President Mubarak of Egypt
President Mubarak, (Muhammad Hosni Mubarak)(born May 4, 1928) has been the president of Egypt since October 14, 1981.
Mubarak was appointed vice-president of the Republic of Egypt after moving up the ranks of the Egyptian Air Force. He ascended to the presidency, succeeding President Anwar Al Sadat, following Sadat's assassination on October 6, 1981.
Early life and the Egyptian Air Force
President Mubarak was born in Kafr-El-Meselha, Al Monufiyah Governorate, Egypt.
Upon completion of high school, he joined the Egyptian Military Academy, where he received a Bachelor's Degree in Military Sciences in 1949.
In 1950, he joined the Air Force Academy, eventually earning a Bachelor's Degree in Aviation Sciences, and was assigned to the bombers squadrons.
Part of his pilot's training he received at the Soviet pilot training school in Frunze (current Bishkek), in Soviet Kyrgyzstan.
He then moved up the chain of command, holding the positions of pilot, instructor, squadron leader and base commander.
In 1964, he was appointed head of the Egyptian Military Delegation to the USSR.
In the years between 1967 and 1972, during the War of Attrition between Egypt and Israel, Mubarak was appointed Director of the Air Force Academy and Chief of Staff of the Egyptian Air Force.
In 1972, he became Commander of the Air Force and deputy minister of war.
In October 1973, following the Yom Kippur War, Mubarak was promoted to the rank of Air Chief Marshal.
In April 1975, he was appointed Vice-President of Egypt and, in 1978, he was selected as Vice-Chairman of the National Democratic Party (NDP).
President of Egypt
Following the assassination of President Sadat by militants in 1981, Mubarak became the President of the Arab Republic of Egypt and the Chairman of the National Democratic Party (NDP).
He is also the longest reigning President of the Egyptian Republic (26 years in 2007).
Hosni Mubarak is married to Suzanne Mubarak, and has two sons: Alaa and Gamal.
Egypt's return to the Arab League
Egypt was the only country in the history of the Arab League to be suspended from its membership, due to President Sadat's peace treaty with Israel, but it re-gained admission to the league - eight years after Sadat's assassination on October 6, 1981 - in 1989, under Mubarak.
Its headquarters was relocated to its original setting in Cairo.
Wars and the monetary gain from the First Persian Gulf War
Egypt was a member of the allied coalition in the 1991 Persian Gulf War, and Egyptian foot soldiers were some of the first to land in Saudi Arabia to evict Iraqi forces from Kuwait.
According to the BBC, Mubarak has survived six assassination attempts.
In June 1995 there was an alleged assassination attempt involving Al-Islamiyya and Egyptian Islamic Jihad while he was in Ethiopia for a conference of the Organization of African Unity.
Upon return Mubarak is said to have authorized raids on The Islamic Group which by 1999 saw 20,000 persons placed in detention related to the revolutionary Islamic organizations.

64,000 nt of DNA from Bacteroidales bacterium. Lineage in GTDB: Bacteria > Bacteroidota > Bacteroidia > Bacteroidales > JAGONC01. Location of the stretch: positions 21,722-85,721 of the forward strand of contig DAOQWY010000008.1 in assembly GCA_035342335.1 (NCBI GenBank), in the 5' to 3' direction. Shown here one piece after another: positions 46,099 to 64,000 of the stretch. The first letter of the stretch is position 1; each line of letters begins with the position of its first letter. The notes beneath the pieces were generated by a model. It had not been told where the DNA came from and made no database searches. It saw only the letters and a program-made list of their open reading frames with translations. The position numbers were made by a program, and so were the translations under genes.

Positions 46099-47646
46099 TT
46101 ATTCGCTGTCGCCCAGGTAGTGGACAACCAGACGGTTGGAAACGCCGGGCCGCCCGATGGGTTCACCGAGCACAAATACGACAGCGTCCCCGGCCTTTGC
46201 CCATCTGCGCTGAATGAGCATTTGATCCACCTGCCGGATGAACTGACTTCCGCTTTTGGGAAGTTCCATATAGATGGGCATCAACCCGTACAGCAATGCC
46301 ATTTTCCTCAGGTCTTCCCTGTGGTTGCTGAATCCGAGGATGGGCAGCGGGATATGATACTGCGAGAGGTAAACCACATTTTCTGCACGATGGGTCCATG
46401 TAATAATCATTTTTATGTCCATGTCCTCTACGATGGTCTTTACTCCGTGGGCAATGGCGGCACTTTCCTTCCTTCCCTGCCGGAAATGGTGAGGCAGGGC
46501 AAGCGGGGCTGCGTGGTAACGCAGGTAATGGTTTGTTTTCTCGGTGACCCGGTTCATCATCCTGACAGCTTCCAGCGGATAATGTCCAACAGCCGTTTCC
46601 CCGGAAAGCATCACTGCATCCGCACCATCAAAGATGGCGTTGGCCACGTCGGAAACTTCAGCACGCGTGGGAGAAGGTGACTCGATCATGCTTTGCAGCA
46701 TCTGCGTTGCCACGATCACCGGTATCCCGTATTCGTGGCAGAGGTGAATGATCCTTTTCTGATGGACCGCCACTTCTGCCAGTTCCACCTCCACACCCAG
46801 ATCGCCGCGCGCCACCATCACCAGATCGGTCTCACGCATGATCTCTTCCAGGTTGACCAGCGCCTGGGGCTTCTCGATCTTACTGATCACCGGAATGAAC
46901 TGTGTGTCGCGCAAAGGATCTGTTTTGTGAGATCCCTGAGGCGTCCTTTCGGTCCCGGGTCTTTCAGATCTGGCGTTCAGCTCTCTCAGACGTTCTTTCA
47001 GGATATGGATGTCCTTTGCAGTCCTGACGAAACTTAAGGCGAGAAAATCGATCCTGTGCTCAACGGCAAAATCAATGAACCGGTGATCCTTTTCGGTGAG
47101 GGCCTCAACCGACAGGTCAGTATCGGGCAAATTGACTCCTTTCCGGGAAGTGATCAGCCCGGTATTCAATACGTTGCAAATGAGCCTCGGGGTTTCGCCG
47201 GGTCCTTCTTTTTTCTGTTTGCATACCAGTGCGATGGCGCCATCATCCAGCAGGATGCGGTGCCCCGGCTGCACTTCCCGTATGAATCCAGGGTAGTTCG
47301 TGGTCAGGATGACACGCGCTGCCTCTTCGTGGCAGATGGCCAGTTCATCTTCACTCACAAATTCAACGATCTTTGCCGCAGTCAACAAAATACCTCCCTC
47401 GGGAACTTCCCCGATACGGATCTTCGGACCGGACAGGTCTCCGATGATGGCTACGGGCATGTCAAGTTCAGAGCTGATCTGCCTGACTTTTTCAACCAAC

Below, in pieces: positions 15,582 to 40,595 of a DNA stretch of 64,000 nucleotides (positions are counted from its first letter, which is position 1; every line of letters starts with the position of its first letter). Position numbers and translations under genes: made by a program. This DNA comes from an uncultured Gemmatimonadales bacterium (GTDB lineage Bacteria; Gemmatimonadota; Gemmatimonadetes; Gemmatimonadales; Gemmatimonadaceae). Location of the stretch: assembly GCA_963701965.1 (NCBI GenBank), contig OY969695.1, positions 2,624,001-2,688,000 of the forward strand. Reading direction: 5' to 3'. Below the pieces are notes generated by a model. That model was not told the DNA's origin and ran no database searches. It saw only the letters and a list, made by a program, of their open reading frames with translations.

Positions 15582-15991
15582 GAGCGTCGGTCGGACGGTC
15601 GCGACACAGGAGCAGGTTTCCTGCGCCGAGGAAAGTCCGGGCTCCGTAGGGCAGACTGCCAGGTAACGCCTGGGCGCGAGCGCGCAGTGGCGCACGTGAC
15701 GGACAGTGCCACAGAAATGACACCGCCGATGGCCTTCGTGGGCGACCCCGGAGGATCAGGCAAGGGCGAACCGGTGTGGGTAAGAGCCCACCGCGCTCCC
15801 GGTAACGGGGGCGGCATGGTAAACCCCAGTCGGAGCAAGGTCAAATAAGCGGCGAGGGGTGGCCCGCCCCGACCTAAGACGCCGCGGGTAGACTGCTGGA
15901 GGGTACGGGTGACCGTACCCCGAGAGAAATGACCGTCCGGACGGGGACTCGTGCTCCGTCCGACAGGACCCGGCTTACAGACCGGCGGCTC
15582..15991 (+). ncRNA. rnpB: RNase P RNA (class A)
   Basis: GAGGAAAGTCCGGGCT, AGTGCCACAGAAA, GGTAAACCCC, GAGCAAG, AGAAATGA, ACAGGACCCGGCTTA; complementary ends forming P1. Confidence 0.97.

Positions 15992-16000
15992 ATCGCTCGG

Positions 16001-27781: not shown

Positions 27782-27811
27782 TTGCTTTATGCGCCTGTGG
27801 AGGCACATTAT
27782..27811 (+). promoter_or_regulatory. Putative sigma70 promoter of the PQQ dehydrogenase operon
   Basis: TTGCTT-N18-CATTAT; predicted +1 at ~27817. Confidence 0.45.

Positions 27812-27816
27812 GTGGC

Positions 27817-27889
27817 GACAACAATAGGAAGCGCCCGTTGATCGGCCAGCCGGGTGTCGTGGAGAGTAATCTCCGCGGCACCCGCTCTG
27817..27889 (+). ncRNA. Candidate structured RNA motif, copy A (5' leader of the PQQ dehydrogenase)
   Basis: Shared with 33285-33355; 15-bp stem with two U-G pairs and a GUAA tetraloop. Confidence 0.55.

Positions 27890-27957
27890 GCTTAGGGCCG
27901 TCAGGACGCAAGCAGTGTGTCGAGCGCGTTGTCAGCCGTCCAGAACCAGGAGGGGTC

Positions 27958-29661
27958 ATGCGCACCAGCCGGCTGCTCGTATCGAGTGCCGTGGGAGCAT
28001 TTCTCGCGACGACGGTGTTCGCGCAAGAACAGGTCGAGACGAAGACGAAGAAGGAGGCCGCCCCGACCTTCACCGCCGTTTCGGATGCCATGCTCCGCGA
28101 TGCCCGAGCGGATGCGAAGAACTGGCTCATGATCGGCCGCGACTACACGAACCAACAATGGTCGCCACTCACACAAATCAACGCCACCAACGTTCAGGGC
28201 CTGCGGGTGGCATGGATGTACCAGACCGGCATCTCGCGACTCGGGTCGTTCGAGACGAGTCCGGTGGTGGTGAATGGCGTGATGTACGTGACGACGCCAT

Mubarak's stance on the second Iraq War
President Mubarak spoke out against the 2003 war on Iraq, arguing that the Israeli-Palestinian conflict should be resolved first.
He also claimed that the war would cause "100 Bin Ladens".
Changing economic scene
In July 2004 Mubarak accepted the resignation of Prime Minister Atef Ebeid and the entire cabinet. He then appointed Ahmed Nazif as the new Prime Minister. The new cabinet was generally viewed with optimism.
Economic conditions are starting to improve considerably after a period of stagnation. The new cabinet headed by Prime Minister Ahmed Nazif was somewhat successful in overcoming the grim economic situation.
The Egyptian stock market came in first place out of all emerging markets in terms of percentage increase for the fiscal year 2004/2005.
Mubarak and the Coptic Orthodox Church
Prior to Mubarak assuming the presidency, former Egyptian President Sadat ordered Pope Shenouda III of Alexandria, the Pope of the Coptic Orthodox Church of Alexandria into exile at the Monastery of Saint Pishoy.
In addition, eight bishops, twenty-four priests, and many other prominent Copts were placed under arrest.
Sadat replaced the church hierarchy with a committee of five bishops and referred to Pope Shenouda as the "ex-pope." More than three years after assuming power following Sadat's 1981 assassination, Mubarak released Pope Shenouda from exile on January 2, 1985.
He returned to Cairo to celebrate the January 7 Christmas Liturgy (Old Calendar) to a crowd of more than ten thousand. Christians have enjoyed relatively greater rights under Mubarak with their January 7 holiday, Christmas in the orthodox (Old Calendar), being declared a national holiday in 2002.
Mubarak's second son Gamal started rising in the National Democratic Party and succeeded in getting a newer generation of neo-liberals into the party, and eventually the government.
Due to Gamal's increasing visibility and influence, rumours about him being groomed for the presidency became common. Nevertheless, this has been denied by both the president and his son several times.
Despite the criticisms directed at his regime, according to a June 2008 opinion poll of Egyptians, 94% express "a lot/some confidence" in Mubarak to do the right thing regarding world affairs." Mubarak's National Democratic Party responded with a story stating that "out of the leaders of 20 countries covered by the poll, President Hosni Mubarak is the most trusted leader by his people."
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